Dilla was the "Jay" of Jaylib, and Madlib was the "lib." A flawless marriage it was. From there, I began to really get into samples, and I started paying attention to the music. For me, it was all about the music, and how it made me feel.
When Donuts was released, it was one of those albums that spoke to me on a spiritual level. It was released on his birthday, 12 years ago today. Sadly, just three short days later, on February 10th, he would pass away at just 32 years old, after battling a rare blood disease. I don't know - it was something about his passing, and the fact that he was literally on his death bed working on this album that makes it that much more important, and that much more special to me. I will always hold this project the closest to my heart. It's one that I'll never listen to without getting emotional. There’s something to be said about having died doing what you love.
J. Dilla changed my life.
He forced me to listen to music in a way that I never had before. It was because of him that I became interested in what songs rap artists were sampling. I never cared that much about it until I became a fan of Dilla's art. Not only did he make me appreciate music on an entirely unexplainable level, but through him, I've discovered so many of his friends/peers that I had never known before him - Madlib being one of them. Egon being another. Between the three of them, I became exposed to a whole new world of music that I didn't even know existed, and a completely different way of how I listened to this music. Very few artists have had that effect on me. J. Dilla changed my life.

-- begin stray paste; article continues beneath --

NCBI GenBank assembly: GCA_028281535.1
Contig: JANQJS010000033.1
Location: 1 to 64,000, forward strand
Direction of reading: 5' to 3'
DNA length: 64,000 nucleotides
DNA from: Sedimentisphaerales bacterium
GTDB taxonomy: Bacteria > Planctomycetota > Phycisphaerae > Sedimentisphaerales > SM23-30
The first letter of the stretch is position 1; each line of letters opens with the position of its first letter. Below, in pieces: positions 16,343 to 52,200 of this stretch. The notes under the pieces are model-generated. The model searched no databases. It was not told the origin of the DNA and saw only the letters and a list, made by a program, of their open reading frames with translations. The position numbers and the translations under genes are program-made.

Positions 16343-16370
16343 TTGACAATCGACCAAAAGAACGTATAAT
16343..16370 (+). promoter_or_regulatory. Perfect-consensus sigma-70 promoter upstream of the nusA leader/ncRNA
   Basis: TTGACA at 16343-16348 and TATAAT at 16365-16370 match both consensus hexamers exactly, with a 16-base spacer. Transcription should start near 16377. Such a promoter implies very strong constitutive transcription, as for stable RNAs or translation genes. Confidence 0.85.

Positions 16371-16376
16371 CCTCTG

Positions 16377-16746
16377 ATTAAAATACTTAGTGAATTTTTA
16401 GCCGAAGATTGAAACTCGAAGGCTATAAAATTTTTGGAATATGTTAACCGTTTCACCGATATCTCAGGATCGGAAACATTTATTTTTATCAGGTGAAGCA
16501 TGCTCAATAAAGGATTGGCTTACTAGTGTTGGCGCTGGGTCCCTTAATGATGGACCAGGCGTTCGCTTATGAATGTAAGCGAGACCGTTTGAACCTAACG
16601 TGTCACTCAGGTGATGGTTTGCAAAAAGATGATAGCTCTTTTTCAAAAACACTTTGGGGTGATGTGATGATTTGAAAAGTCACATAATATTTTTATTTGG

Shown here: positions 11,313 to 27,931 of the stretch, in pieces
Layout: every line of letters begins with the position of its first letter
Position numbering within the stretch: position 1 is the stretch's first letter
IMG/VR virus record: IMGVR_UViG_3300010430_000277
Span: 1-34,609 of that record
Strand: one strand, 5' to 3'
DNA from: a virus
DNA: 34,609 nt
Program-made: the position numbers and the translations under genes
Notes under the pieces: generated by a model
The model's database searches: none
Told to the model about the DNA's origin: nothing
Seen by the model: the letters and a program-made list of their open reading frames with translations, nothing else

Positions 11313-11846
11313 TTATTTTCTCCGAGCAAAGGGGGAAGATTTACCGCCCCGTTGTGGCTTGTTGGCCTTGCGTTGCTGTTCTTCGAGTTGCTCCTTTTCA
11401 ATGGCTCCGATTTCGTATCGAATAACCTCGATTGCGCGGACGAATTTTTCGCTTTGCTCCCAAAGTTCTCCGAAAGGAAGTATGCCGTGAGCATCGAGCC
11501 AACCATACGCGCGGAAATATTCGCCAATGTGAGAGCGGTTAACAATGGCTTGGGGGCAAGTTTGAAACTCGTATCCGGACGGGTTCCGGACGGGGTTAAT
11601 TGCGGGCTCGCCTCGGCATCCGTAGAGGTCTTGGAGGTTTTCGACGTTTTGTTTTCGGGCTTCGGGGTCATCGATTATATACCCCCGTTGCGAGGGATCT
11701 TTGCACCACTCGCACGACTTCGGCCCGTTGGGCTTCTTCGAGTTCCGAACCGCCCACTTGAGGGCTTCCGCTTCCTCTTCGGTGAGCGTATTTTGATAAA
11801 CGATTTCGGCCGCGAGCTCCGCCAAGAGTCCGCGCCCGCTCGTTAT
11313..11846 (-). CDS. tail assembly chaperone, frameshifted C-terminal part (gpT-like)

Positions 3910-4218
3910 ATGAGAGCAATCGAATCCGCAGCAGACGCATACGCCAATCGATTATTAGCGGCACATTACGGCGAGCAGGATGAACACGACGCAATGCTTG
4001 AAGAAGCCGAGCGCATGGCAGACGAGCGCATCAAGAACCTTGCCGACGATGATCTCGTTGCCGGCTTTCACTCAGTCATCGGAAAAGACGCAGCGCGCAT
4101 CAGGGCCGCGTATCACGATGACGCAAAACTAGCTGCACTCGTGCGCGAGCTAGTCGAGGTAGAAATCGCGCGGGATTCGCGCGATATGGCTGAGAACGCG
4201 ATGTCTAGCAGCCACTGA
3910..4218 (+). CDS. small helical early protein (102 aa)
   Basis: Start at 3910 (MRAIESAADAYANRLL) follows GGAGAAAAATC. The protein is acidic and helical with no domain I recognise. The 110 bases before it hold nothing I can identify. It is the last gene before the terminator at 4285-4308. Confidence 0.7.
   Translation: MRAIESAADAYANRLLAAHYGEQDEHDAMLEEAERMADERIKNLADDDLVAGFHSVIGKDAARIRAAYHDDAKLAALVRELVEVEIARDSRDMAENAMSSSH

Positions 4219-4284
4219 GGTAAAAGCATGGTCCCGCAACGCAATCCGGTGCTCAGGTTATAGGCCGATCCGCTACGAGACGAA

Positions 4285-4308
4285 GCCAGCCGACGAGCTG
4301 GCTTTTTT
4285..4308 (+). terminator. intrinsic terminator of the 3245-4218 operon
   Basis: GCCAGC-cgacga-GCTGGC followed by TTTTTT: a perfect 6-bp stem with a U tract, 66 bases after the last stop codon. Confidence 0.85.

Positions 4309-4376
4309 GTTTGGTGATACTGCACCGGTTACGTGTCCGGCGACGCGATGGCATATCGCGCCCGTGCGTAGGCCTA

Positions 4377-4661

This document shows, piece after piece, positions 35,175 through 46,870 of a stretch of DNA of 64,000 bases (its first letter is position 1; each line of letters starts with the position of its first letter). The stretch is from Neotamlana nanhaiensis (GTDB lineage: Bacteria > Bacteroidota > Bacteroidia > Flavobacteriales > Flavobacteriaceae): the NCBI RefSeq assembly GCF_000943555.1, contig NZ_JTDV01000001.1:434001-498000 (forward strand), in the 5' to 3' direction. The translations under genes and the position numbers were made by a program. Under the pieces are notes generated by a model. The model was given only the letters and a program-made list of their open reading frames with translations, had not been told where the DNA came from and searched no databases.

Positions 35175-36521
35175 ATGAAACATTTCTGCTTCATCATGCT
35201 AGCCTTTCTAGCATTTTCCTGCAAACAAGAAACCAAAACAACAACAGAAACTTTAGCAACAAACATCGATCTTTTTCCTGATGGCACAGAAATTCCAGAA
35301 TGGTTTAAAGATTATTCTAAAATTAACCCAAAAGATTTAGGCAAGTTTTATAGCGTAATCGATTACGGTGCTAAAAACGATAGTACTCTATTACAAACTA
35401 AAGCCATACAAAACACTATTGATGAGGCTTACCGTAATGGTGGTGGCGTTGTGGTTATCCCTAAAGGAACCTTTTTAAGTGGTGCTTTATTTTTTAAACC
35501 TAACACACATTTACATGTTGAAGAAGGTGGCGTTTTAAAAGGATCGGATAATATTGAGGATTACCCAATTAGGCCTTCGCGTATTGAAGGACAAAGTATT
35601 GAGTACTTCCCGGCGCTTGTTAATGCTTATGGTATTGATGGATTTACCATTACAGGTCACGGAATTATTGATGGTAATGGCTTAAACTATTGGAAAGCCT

I am a student of music and a passionate listener of it. I LOVE music. I spend hours discovering music by artists I've never listened to a day in my life, and even more hours curating playlists, then sharing these playlists with any and everyone who's willing to listen to them. It brings me an immense amount of joy. I don't just listen to music to pass the time; music is a tremendous part of my life, and to be able to have conversations about Coltrane and Monk and Fela Kuti and Sun Ra and Gap Mangione and Donald Byrd and The Impressions and Ahmad Jamal - it's all because of J. Dilla and the people he has connected me to in spirit.
Happy birthday, James. You are a national treasure. I love you. Thank you for sharing your gift with the world.
Enjoy some of my playlists dedicated to Dilla, like my Madlib & J Dilla Original Samples playlist, or my samples playlist solely dedicated to his Donuts album, and my personal Dilla playlist which features his music, along with the music of those he's produced for, and even some dedications thrown in the mix. For a bonus, check out my playlist of Egon's personal picks that I curated based off all the gems he posts about on his social media accounts. Speaking of, you should probably follow him on Instagram if you're into learning about good music and good wine. He's an enthusiast of both. I hope you enjoy and discover something you love.

1 comment:

  1. J dilla has always been an inspiration to me. I live in the other half of the world his music has a worldwide impact. I discovered him through common he produced My favorite rap album ( Like water for chocolate) Ever since I heard that album i fall in love with Dilla and his soulful music sounds so unreal but so soulful.Just like you’ve said his music teaches a lot about music and what look for in music.We share the same bday as well February 7